Sean Baker has ditched the iPhone camera, but his follow-up to 'Tangerine' is another vibrant tale of the American lower depths, this one rooted in the magic and heartbreak of childhood.
“The Florida Project” is the new movie from writer-director Sean Baker, who staked his claim two years ago with “Tangerine,” an indie feature he shot entirely with an iPhone camera. It told the story of a transgender prostitute and several other L.A. drama-queen wastrels, and the small miracle of the movie is that it wasn’t just visually accomplished. Despite the ultra-low-rent technology (or, actually, because of it), it was visually astonishing, its images electrified by a mysteriously expressive herky-jerky incandescence. The whole turbulent magic-hour look of “Tangerine” busted out with more life and atmosphere than almost anything an expensive movie camera could buy you.
I was avid with curiosity to see the opening shots of “The Florida Project,” because I wanted to know if Baker would be using the same technique, or maybe something just as innovative. The film opens with an image of two children seated against a rough plaster wall, and as it turns out it’s a totally “normal” shot: crisp, clear, and color-corrected, filmed with a conventional camera. Baker, riding on the success of “Tangerine,” has left the iPhone cam behind him. But the spirit of tingly visual and moral adventure that animated “Tangerine” — its whole absorption in the beauty of reality — is very much in play in “The Florida Project.” It’s a worthy and accomplished follow-up, authentic and movingly told, and it should build on the audience that Baker found with “Tangerine.”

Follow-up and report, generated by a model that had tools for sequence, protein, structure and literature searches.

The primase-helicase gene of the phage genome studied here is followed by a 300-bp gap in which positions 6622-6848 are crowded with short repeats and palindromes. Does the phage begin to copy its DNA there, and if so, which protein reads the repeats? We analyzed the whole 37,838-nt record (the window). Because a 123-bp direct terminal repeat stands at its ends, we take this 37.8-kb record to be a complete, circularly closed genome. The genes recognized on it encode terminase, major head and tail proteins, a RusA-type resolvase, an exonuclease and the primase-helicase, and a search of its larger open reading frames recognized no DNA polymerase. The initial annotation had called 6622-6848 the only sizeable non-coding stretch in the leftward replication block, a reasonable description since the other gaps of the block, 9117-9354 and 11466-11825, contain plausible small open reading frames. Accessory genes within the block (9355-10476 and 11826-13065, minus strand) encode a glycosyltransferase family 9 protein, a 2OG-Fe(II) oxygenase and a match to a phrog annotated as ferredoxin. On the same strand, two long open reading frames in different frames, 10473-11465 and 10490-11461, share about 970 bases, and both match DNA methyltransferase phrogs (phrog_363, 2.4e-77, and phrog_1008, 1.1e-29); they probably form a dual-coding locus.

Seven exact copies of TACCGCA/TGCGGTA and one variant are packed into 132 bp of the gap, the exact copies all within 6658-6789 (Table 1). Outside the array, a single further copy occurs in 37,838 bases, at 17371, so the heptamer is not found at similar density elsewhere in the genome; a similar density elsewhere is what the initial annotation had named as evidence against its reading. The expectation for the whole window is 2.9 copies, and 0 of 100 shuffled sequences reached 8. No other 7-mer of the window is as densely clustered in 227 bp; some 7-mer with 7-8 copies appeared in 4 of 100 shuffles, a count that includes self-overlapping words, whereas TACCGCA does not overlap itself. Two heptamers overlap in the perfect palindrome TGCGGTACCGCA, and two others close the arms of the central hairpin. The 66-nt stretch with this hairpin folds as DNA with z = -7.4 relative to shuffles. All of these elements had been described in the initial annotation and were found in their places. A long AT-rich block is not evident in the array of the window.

This one, too, discovers its story in the desperation of people who live on the dysfunctional fringes. Its central characters are Halley (Bria Vinaite), a surly, combative young viper with her hair dyed fiberglass blue, a silver ball piercing the middle of her lower lip, and rose tattoos that seem to burst right up from her chest, and her six-year-old daughter, Moonee (Brooklynn Prince), who has been raised to mirror her mother’s attitude of haughty hostility and selfishness. Moonee comes on like a pint-size ballbuster, but she’s really just a sweet kid doing whatever it takes to please her mom.
Halley and Moonee live in the Magic Inn, a three-story motel on the outskirts of Orlando, Florida, that’s painted in the colors of nearby Disney World. The walls are lavender, the doors to the rooms are dark purple, and the whole place looks clean and bright and spangly, considering that it’s basically a flophouse dump for people who can’t afford to live anywhere else. The rooms cost $38 a night (which, by the month, still isn’t all that cheap), and Halley struggles each week to come up with the rent, since she can’t seem to find herself a straight job and appears to be the world’s laziest stripper. Mostly, she hangs around, treating her daughter as a fellow delinquent, because she’s basically a child herself. The two go out to restaurants and order gluttonous buffets of waffles and eggs and bacon. They go shopping for plastic jewelry that Halley seems to like as much as a kid would. They have burping contests and give the finger to whoever’s around.